This is part one of a three-part series on the urgency for safeguarding Mallows Bay.

Staying afloat amidst changing tides is more crucial now that it was 90 years ago for the remaining shipwrecks of Mallows Bay.  Thirty miles south of Washington, D.C. along the Potomac River, majestic, antique wooden and steel steam vessels that once served the U.S. Shipping Board Fleet, now serve nature. Sunken and set ablaze into the sediment of the Chesapeake Bay, the “Ghost Fleet” of Mallows Bay – a collection of some 100 to 200 vessels from the Revolutionary and First World War – has transformed since into a historic habitat for the region’s unique wildlife.1


Mallows Bay and connected Potomac River trail network attract frequent visitors for many reasons. Popular fishing, recreational boating, storytelling and educational programming all depend on the health of Mallows Bay. This unique stretch of Maryland’s waters reflects the Chesapeake Bay’s checkered history. In 1917, President Woodrow Wilson ordered the construction of 1,000 battle ships within 18 months. Only around half sailed the Atlantic before Germany surrendered in 1918 leaving the remaining, unused boats worthless.2 Marine historians also emphasize its connection to Maryland’s African American slave history during the Civil War and the presence of archeological and cultural connections to the Piscataway-Conoy nation.3 If designated a formal National Marine Sanctuary by NOAA, Mallows Bay-Potomac River will safeguard the River’s environmental resources and fragile, biodiverse ecosystems amidst the monumental remains.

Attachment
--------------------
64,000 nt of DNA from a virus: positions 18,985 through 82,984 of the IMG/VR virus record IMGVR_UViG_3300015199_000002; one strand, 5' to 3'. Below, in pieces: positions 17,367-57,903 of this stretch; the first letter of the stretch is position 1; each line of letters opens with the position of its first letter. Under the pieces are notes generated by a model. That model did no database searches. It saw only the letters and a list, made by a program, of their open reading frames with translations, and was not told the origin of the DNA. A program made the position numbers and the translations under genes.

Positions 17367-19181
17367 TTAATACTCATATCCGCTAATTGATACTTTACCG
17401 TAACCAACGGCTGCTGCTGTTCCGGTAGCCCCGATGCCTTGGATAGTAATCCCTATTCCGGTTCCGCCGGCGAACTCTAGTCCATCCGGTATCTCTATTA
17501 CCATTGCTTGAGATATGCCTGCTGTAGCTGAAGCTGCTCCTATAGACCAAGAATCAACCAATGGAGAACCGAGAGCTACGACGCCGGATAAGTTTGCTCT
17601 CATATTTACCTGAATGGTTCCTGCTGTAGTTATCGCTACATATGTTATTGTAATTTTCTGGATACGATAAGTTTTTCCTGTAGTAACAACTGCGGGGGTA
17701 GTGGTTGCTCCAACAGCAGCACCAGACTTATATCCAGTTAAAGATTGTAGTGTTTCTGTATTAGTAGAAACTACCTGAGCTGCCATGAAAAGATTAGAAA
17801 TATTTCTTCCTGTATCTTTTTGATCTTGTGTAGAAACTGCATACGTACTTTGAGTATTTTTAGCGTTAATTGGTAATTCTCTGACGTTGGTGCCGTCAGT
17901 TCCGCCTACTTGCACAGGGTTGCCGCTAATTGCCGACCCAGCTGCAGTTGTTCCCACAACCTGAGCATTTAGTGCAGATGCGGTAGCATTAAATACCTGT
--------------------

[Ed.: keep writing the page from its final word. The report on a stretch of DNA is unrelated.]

We have an opportunity to ensure that Mallows Bay receives the recognition and therefore the protection it needs in order to thrive for generations to come. These are the final weeks to voice your support and comment to NOAA for preserving the largest assemblage of historic shipwrecks in the Western Hemisphere and its accompanied biodiversity.4 Four proposals are up for debate concerning how Mallows Bay will be protected. Plans range from zero action, to full regional coverage extending 100 square miles.5 The Ocean Foundation is proud to support the Chesapeake Conservancy alongside the Chesapeake & Coastal Service and Maryland Department of Natural Resources and the myriad of supporters and visitors of Mallows Bay Park in obtaining an official NOAA status for this spectacular environment. It is undoubtedly only through diverse and extended network efforts and local partnerships that we can advocate for and preserve Mallow’s Bay.;

You can view the proposals and submit your comment for public support here.